I’ve been thinking a lot lately about body image. Like the classic meme I want to be thin, but I love food. I want to look good in my clothes and set a healthy example for my daughter. I’m still figuring out the right combination of acceptance, nutritious food, and exercise.
Here are some random thoughts I’ve had about my body image.
By Hollywood standards I’m the homely, stout best friend character. According to Mindy Kaling’s first book we’re both a size eight. (Although, the shorts I just bought are a size ten.) In normal American standards I’m pretty normal and healthy. However, by European standards I’m a chunky American.
This is a broad generalization, but I think those who live in European urban cities have it easier than their American counterparts. Some Europeans have easier access to real food and are able to walk around their city. Whereas Americans drive everywhere and the quickest food options are not the most nutritious. Our American suburban hubs aren’t designed with meeting physical health goals for its inhabitants. Americans fight an uphill battle when it comes to eating nutritious food and getting exercise.
My weight and size and fluctuates within 5 to 10ish pounds. I’ve heard this is a normal part of life. Some of my weight changes because I’ll stop focusing on eating nutrient rich foods or I’ll exercise hard for a couple of weeks. The change isn’t a big deal until my clothes don’t fit. I hate shopping and spending money on clothes. It’s disheartening when your clothes from last summer don’t fit.
What Matters to Me
I don’t really care about the number on the scale. I’ve always been heavier than I appear. What I care about is how my clothes fit. The clothes I pin on Pinterest don’t really look great on my body type. Anthropologie’s drapey clothes are a success, because their clothes look great on a lot of body types. My problem is I don’t like drapey clothes. I prefer the structure of a good pair of jeans and a stylish t-shirt without a muffin top.
The internet is applauding women who decided to have a bikini body by simply deciding to wear one. Another post I read celebrated women who accepted their body and wore their two piece swimsuits with pride. I don’t wear a bikini, because I don’t want to stress about my bits falling out while I’m trying to make sure my children don’t drown. Bikinis are stressful.
When I see a thin person
I’m logical thinker. I know I shouldn’t compare, but I do anyway. So when I see a person thinner than me I go through this flow chart: 1. Have they had children? No. Well, that’s why. 2. They have had children. How many? Only one. That’s why. 3. They have had two or more kids, then what is their body type? They are naturally lean and they have good genes. That’s why. Not much I can do about my genes.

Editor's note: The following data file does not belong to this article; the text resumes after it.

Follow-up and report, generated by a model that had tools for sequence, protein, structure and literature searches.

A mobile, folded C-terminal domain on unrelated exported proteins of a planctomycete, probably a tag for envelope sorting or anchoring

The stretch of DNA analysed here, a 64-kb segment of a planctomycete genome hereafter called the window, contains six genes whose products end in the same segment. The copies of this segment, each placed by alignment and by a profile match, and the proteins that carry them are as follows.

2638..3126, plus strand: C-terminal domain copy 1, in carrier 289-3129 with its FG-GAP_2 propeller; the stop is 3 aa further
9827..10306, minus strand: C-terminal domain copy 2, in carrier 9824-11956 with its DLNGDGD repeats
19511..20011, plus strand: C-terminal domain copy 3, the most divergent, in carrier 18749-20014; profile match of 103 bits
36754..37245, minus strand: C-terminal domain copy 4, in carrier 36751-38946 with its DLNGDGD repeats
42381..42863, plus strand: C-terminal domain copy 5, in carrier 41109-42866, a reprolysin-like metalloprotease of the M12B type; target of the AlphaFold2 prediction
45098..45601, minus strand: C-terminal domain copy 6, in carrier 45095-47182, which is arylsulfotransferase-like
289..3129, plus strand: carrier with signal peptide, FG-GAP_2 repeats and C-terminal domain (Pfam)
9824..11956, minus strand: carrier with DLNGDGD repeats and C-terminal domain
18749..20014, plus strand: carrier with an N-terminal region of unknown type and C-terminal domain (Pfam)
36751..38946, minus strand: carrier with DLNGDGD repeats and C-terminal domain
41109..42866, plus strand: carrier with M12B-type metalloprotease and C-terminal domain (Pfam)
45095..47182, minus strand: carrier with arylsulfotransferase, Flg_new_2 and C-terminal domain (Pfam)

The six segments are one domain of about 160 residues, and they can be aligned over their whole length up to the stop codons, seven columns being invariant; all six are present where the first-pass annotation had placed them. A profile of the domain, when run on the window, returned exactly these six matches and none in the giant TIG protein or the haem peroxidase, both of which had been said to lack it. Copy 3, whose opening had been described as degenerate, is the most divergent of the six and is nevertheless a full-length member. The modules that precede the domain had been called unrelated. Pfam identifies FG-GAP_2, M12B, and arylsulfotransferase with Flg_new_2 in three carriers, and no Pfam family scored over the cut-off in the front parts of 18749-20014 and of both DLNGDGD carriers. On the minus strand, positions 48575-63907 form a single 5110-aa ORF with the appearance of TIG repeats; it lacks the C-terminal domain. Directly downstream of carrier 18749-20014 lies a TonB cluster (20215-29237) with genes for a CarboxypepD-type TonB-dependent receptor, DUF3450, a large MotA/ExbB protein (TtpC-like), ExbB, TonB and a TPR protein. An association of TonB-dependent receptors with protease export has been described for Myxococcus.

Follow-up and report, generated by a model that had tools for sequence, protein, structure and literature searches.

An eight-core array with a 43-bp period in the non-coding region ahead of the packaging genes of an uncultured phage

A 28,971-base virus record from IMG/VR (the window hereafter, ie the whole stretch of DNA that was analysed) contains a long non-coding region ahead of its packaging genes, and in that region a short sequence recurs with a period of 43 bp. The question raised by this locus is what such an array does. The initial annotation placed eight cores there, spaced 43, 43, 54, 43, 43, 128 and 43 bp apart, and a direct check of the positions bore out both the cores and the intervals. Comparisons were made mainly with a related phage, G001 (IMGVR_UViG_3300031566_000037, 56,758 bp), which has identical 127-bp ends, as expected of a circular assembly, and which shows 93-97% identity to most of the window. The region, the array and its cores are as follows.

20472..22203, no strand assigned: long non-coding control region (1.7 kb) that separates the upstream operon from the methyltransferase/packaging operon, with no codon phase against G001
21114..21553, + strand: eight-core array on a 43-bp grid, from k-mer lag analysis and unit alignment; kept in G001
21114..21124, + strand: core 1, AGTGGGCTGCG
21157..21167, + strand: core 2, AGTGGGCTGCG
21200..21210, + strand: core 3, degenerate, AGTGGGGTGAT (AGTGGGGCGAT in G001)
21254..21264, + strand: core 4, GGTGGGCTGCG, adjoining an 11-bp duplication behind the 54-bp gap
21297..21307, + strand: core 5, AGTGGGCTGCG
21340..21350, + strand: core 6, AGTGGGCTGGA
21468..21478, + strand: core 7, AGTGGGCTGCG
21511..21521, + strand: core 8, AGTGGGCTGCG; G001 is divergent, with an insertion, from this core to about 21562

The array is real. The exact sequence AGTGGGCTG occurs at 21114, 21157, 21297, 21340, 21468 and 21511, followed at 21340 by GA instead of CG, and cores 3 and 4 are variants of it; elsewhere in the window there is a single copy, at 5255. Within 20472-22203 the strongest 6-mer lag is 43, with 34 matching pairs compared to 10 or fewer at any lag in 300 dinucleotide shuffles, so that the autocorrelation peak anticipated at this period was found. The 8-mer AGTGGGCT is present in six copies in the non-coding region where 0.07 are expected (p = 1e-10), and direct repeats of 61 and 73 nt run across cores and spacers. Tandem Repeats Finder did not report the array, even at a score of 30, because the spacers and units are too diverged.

I once read one of those Cosmopolitan magazine articles explaining how most people fit into one of four different body types. I learned I’m not naturally a tall and lean body type. So many of us can’t do much about the genes and body type we have. My genes aren’t so hot. It’s an uphill battle.
This is the part where I’m supposed to write about how much I love what God gave me. Why I should love all the extra droopy skin and poochy belly that my three children gave me. Of course, I love my kids and I’m grateful for the privilege of having them. My issue is how my waist size easily fluctuates. Most of the time I look three months pregnant. That’s what bugs me the most. It’s difficult to find shirts that lay just the right way around my midsection. I’ve watched a lot of What Not to Wear and I know we all have some sort of issue we need to dress correctly. It’s not easy, but I am working on accepting this mama body.
Diets and working out are great, but I’m on the hunt for stuff I can do forever. I don’t regret all the diets I’ve tried, because each time I added something new to my everyday diet. I don’t want to crash diet again only to gain it all back within a week of bad eating. Because sometimes life happens and you need to eat a giant pizza for your mental health.
I’m also working on finding a sustainable workout plan for the rest of my life. Doing an hour at the gym three to four times a week isn’t sustainable. Walking and some basic exercises like pushups and crunches are something I can do the rest of my life.
Finding the right combination of acceptance and healthy living is tricky. I love food and yummy beverages. I also like wearing cute clothes. It’s an uphill battle.